There are nearly a million education administrators in our nation. These leaders are given the immense responsibility of educating the next generation. The future of our country, way of life, and prosperity depend on our young.
These million men and women include elementary, middle, and high school principals, assistant principals, directors of curriculum, academic deans, superintendents, school board members, higher education administrators, and more. They live and work in public, private, charter, and parochial schools from East to West coasts.
From their combined effort is bequeathed entrepreneurs, businessmen, public servants, teachers, lawyers, doctors, and innovators. To accomplish their solemn duty they organize, oversee, lead, guide, and shape schools and organizations essential educational, curricular, and financial operations as well as ensure the day-to-day operations of our schools.
Research such as this infographic, taken from Queens University of Charlotte, proves common sense notion that good schools have good leaders. The same goes for teachers and staff...good teachers have good leaders.
Principals have a ripple effect on the whole school community: Teachers with good leaders work hard and report a higher job satisfaction. Parents are happier and feel their voice is heard and, most importantly, students learn more, have less behavioral problems, and score higher on assessments.
If you are drawn to leadership in schools, you need to earn at last a master’s degree. To become a principal requires Masters in Educational Leadership that results in you getting licensed. We have ranked the 20 Best Online Master’s in Educational Leadership if you want to continue working while earning your degree.
We have also ranked the 20 Best Master’s in Educational Leadership and 10 Most Affordable Master’s in Educational Leadership if you seek a residential degree or financial considerations are primary. Whatever route you happen to pick, we recommend you find out through your State Department of Education specific licensure requirements. The U.S. Department of Education has a place to go for help; click here to find your state’s standards and licensure requirements.
The Educational Leadership degree can be a Master of Science, Master of Art, or Master of Education, of which there are important differences. For example, MA degrees are usually terminal, and MS degrees are more scientific and research-oriented often requiring a thesis.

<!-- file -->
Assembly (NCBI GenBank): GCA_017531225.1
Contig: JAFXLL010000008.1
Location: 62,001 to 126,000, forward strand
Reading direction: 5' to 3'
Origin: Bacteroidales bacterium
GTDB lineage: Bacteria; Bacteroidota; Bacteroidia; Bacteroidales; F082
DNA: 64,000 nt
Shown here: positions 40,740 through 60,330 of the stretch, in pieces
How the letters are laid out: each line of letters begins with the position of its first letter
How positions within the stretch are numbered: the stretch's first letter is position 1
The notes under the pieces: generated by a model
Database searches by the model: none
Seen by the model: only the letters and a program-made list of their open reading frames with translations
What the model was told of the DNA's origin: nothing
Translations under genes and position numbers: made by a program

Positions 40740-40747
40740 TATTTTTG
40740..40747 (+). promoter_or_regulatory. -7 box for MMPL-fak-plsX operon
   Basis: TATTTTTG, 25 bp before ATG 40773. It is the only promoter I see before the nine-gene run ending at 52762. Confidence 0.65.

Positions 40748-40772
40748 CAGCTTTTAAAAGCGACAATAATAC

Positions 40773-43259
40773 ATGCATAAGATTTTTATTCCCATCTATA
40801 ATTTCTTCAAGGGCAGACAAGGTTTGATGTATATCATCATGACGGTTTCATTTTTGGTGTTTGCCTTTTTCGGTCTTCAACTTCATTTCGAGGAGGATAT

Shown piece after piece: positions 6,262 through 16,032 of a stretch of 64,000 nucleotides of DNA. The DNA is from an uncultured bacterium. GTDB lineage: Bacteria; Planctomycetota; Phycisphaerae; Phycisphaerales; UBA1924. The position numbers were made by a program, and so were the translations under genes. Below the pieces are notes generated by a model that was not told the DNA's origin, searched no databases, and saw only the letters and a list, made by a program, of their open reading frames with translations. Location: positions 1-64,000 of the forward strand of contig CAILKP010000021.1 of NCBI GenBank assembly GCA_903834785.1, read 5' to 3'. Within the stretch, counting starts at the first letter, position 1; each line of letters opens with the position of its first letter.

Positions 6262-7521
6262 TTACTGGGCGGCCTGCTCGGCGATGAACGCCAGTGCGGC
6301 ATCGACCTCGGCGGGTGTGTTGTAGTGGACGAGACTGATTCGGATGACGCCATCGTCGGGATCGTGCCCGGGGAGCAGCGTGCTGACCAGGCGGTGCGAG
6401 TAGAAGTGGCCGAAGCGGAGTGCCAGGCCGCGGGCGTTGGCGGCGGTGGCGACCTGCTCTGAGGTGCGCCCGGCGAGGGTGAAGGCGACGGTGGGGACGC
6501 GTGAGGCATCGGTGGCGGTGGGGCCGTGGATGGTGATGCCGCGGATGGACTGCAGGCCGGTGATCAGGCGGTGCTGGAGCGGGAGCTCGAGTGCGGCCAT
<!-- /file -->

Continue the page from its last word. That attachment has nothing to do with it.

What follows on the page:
A Master’s in EL is perfect for teachers seeking leadership roles such as principal, leaders seeking further education or professional development, and in some cases, those with no educational experience wanting to move into a different job.
The degree applies to educators with a license and experience; most university admissions into EL programs require a license and experience, often two or three years minimum. Some require a GRE as well, so please note this in your search.
A Master’s in Educational Leadership requires between 30 and 45 credits, though we’ve ranked some over 50. The time it takes to finish depends on many factors, but it’s safe to say programs take from one to three years.
- Principles of Professional Practice in Education
- Developing School-Community Partnerships
- Public School Laws
- Instructional Leadership Development Training
- Improving Instruction Using Data
- Education Ethics
- Principles of Educational Administration
- Supervision for Learning Environments
- Diverse Learning Needs
- Curriculum Leadership
With coursework comes practical experiences, which also vary considerably from school to school. Some require 100 hours and other 1000. The more experience your degree gives you, the better. Working with professionals in the field in a real-world way is the best way to apply all the knowledge and theory, as well as to network with others, both paving the way to a prosperous future.
Most leadership programs also include a capstone experience your final year. This could be a research project and presentation, educational or professional portfolio, comprehensive exam, or thesis that you may have to defend. There are some the require a combination of these.